China Life Insurance
Beijing-based China Life Insurance Co provides life insurance and annuity products. It listed in December 2003, raising US$3.5 billion.
China Life Insurance expects 40pc dive in earnings
Mainland insurer puts blame on investment yield decline and rise in impairment losses
China Life Insurance warned yesterday that net profit for last year would come in about 40 per cent lower than a year earlier.
That would be about 11 billion yuan (HK$13.7 billion), since the company reported a net profit of 18.33 billion yuan for 2011.
Thirty investment banks surveyed by Bloomberg had an average estimate of 14.56 billion yuan.
China Life, the world's biggest insurer by market value, blamed a drop in investment yield and an increase in impairment losses as the value of its investments fell because of continued weakness in the capital markets.
The mainland-based company reported net profit of 7.42 billion yuan for the first nine months of last year and a net loss of 2.2 billion yuan for the third quarter. It also posted a profit warning before the third-quarter results.
Based on the estimated full-year result, China Life achieved positive earnings of 3.57 billion yuan for the fourth quarter.
The earnings of an insurance company depend greatly on the performance of its investments. The Shanghai Composite Index fell from February last year until December. As a result, some insurance firms suffered significant investment losses.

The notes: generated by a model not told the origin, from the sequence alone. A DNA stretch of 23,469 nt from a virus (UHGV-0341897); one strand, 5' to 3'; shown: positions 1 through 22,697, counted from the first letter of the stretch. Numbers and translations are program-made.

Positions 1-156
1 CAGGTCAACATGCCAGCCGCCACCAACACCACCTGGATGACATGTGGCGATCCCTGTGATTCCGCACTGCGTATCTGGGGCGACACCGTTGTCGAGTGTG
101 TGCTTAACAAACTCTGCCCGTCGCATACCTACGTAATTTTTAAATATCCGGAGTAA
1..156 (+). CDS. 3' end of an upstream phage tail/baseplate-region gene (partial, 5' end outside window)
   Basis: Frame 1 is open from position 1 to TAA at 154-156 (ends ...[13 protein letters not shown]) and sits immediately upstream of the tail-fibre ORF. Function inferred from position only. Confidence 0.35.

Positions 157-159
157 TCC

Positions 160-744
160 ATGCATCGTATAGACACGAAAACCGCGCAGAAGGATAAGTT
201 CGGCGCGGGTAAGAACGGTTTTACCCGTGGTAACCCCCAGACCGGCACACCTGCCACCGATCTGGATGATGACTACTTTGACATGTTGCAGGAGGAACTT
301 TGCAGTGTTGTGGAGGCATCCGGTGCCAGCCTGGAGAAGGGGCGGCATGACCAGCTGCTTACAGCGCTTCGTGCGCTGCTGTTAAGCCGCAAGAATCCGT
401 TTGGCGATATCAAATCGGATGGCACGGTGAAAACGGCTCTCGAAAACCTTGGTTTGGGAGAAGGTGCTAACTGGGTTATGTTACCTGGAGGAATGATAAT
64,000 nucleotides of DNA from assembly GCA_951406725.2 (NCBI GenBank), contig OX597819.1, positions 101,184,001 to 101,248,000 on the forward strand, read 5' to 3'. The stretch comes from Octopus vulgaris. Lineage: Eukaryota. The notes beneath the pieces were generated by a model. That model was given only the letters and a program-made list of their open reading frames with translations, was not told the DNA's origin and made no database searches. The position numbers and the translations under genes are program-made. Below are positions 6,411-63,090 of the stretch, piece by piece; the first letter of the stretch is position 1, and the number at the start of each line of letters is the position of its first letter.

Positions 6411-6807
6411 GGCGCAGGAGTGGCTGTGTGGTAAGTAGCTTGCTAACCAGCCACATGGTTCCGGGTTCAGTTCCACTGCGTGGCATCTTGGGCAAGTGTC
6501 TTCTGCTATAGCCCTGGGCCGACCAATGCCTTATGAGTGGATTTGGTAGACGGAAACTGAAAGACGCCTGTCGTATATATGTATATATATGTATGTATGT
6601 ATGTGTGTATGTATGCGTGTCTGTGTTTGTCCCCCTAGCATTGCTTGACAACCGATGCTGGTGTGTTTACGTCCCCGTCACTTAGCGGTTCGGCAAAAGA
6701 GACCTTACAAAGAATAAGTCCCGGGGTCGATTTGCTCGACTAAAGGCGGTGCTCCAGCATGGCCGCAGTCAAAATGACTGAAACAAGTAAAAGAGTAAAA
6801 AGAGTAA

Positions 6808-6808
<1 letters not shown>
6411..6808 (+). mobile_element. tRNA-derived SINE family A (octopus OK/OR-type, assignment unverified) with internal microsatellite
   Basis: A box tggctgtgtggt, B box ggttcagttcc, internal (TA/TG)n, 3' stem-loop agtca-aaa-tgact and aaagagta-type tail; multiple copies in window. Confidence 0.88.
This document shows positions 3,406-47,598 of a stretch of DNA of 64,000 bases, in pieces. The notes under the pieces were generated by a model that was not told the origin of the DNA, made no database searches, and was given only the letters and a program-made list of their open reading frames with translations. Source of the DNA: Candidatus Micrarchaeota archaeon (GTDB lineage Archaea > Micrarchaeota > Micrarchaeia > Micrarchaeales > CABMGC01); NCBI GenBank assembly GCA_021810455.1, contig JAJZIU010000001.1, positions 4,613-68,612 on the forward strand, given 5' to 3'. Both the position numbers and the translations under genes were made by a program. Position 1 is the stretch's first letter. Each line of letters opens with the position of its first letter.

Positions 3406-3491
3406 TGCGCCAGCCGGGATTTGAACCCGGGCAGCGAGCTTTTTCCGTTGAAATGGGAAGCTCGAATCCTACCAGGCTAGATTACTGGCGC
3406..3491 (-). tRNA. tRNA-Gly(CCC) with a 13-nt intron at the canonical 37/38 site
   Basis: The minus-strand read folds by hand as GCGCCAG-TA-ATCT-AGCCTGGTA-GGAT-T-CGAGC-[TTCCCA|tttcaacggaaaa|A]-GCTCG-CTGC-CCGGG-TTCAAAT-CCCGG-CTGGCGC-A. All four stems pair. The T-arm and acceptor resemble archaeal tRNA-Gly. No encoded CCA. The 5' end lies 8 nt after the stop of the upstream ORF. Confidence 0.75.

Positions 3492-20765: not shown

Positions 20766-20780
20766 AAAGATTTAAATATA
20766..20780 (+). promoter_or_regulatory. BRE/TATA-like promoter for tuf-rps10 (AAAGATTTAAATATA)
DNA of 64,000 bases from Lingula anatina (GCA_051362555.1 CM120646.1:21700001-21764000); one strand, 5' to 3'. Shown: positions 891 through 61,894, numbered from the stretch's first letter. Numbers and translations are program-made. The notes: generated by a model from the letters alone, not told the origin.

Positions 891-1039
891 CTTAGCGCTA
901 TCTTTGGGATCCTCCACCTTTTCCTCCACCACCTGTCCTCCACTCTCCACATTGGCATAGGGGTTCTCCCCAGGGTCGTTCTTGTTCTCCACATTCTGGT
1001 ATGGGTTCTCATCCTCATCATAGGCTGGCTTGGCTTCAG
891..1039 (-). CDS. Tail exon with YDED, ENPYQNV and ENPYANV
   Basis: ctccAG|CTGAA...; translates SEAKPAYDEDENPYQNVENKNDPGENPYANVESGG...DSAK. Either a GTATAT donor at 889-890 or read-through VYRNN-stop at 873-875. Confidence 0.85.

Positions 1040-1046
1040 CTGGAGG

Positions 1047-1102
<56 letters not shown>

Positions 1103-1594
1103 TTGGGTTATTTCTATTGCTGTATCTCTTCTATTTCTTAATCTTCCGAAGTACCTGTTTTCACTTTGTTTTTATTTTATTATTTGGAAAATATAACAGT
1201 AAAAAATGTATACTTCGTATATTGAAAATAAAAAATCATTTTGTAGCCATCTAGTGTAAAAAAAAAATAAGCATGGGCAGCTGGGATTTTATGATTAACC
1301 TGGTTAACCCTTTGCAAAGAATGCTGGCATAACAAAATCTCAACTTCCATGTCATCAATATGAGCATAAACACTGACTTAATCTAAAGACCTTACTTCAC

Kenneth Yue, an analyst at CCB International, said he had expected better performance from China Life in the fourth quarter, given the strong rebound in the stock market. The benchmark rose 16.1 per cent in December.
"We estimated the company made good investment gains in the fourth quarter. Now the full-year results have missed our estimate," Yue said. "Something must have gone wrong."
China Life reported earlier that premium income in January was about 46.8 billion yuan, 41 per cent less than in the same month last year.
Some of its competitors also experienced a drop in premium income in January.
"The insurance industry is facing harsh competition with banks," Yu said.
"Short-term wealth management products in banks are offering a yield that is higher than investors can get from insurance products."
China Life also warned investors yesterday to exercise caution when dealing in the company's shares.
The stock closed 2.4 per cent higher at HK$23.30.